Image Citation: David Stephens, Bugwood.org


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Tuesday, January 8, 2019

Miracle Tree - Moringa oleifera / Moringaceae

Moringa oleifera is the most common of all of the Moringa genus.  The Moringa are the only members of the Moringaceae family.  Moringa oleifera has many common names such as the Miracle Tree (for the high nutrient content and said healing powers), Horseradish Tree (for the root flavor, often compared to horseradish), Drumstick Tree (for the slender seedpods) , Benoil and Benzoil Tree (for the oils derived from the seeds).  

According to tradition in parts of Africa (especially Ghana), the "Miracle Tree" and it's products have been used for generations.  The leaves are extremely high in nutrient value and are said to have natural healing powers.  The seed pods and leaves are eaten as a vegetable in many native areas and are used as an ingredient in herbal medicines.  Not only does the Moringa oleifera's products contain high nutrient values it can also be used for water purification purposes.

Image Citation: Forest and Kim Starr, Starr Environmental, Bugwood.org

This fast growing deciduous tree can reach a height of 32-40 feet with a diameter of just 1.5 feet.  The whitish-grey bark is surrounded by a thick cork.  The young shoots have purplish or greenish-white hairy bark.  The open crown contains drooping, fragile branches and leathery tripinnate leaves.   The fragrant flowers are bisexual and contain five unequal yellow-white petals.  In cooler regions the flowers only appear once a year in April-June, however in warmer regions with high rainfall they can appear twice a year or even year round.  They appear on hairy stalks in spreading clusters that are 10-25 cm long.  The fruit occurs in brown three sided capsules containing dark brown seeds winged seeds that are dispersed by wind and water.  When cultivated as a crop it is cut back annually to allow the pods and leaved to remain within reach.

Image Citation: Forest and Kim Starr, Starr Environmental, Bugwood.org

The Moringa oleifera is the main focus of Moringa Connect, a program that provides registered farmers with seeds and resulting manure for crop expansion and harvesting purposes.  It is also planted as part of the Feed The Future program, Feed The Future is a United States Government Global Hunger & Food Security Initiative that is currently focused in 19 countries.  These programs along with the help of volunteers (including Peace Corp Members, Private and Corporate Sectors) allow areas that are otherwise void of reliable / nutritional food sources to be planted with a resource that will continually produce and reproduce to provide nutritional food for generations to come.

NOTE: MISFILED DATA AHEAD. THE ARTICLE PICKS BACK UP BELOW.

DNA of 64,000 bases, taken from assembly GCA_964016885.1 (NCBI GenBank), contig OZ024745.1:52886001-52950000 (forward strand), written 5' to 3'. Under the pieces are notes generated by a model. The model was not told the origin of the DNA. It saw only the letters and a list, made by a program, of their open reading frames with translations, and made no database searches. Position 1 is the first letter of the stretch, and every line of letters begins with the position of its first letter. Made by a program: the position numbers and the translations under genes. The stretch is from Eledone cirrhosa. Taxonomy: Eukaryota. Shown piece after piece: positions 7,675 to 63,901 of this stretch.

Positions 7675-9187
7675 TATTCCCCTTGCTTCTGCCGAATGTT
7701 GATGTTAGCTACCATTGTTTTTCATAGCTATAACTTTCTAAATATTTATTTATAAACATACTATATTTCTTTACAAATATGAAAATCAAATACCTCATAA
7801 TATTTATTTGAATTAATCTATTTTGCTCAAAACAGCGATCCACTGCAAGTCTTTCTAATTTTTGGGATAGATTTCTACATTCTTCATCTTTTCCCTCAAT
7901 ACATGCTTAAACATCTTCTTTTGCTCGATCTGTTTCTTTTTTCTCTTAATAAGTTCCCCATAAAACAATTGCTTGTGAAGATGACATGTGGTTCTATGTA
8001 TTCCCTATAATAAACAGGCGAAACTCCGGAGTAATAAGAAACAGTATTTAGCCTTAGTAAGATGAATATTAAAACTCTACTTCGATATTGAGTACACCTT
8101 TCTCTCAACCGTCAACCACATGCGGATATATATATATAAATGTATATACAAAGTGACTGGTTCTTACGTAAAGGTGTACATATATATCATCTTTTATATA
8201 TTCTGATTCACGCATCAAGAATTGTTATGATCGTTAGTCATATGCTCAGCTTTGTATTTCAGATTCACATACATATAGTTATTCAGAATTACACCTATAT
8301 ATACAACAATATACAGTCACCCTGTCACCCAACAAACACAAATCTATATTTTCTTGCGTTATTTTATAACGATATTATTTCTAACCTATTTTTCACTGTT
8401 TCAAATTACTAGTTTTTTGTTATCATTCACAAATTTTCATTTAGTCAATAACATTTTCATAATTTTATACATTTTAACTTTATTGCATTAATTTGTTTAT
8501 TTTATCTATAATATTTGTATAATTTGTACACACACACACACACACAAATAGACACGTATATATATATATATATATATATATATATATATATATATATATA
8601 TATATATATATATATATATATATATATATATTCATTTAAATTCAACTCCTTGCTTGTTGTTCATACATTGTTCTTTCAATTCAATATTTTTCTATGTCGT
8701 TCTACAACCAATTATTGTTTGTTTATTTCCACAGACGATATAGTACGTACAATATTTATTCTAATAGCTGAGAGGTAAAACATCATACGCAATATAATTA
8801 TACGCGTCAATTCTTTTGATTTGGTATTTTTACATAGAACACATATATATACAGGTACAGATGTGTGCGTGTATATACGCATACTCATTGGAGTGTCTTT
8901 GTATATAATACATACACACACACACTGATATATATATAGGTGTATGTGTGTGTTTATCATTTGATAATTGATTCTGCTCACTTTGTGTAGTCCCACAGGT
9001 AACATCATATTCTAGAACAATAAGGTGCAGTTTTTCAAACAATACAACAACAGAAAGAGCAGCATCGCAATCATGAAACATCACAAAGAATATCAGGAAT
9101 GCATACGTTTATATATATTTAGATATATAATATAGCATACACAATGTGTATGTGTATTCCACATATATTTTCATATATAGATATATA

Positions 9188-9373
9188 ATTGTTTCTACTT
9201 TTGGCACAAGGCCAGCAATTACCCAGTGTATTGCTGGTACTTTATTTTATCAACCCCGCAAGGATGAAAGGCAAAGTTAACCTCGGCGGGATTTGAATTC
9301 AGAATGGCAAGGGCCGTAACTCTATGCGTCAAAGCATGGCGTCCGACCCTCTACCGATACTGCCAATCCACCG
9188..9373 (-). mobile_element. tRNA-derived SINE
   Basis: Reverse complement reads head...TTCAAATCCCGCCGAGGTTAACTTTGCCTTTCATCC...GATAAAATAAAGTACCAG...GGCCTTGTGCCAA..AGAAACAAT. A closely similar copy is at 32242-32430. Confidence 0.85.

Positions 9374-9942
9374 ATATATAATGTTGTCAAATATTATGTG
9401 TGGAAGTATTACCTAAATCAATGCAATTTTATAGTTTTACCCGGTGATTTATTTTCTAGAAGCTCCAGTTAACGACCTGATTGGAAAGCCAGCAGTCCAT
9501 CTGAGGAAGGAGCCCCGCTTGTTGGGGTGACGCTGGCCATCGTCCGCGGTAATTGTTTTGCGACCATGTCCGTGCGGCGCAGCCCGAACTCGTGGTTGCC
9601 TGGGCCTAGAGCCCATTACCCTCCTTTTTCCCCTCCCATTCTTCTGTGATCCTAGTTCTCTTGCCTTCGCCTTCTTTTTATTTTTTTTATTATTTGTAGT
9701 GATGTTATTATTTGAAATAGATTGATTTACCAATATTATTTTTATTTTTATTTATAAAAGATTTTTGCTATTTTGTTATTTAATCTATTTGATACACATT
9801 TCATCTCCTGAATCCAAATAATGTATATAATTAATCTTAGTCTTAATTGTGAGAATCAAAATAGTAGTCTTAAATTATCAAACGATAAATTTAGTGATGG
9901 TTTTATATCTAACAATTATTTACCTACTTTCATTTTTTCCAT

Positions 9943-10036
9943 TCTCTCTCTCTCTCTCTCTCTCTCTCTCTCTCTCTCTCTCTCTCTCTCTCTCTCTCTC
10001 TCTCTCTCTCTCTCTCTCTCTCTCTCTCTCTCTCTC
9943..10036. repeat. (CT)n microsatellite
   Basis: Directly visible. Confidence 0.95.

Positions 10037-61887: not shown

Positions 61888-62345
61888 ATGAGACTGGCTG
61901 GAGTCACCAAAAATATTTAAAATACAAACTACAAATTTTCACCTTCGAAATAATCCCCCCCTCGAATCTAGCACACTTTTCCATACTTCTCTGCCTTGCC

To learn more about how you can volunteer or donate to these amazing programs (Moringa Connect or Feed The Future) visit  https://moringaconnect.com/  or https://www.feedthefuture.gov/

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Monday, January 7, 2019

Black Jack Oak - Quercus marilandica

The Black Jack Oak - Quercus marilandica, is a small to mid sized deciduous tree that reaches heights of only 15 - 45 feet tall.  Black Jack Oak often grows in an irregular shape with an open crown and crooked branches.  It is one of the fews Red Oaks that produce and store a substance called tyloses, this substance seals the vessels and make the wood watertight.  The small trees lumber is not highly valuable because of it's small size and knotty qualities it is used for fence posts, wooden water buckets, railroad ties, firewood and charcoal.  Black Jack Oak is native to dry, sandy or soils from Iowa in the West, New Jersey and New York in the North, South through Florida, West through Texas and Northern Nebraska.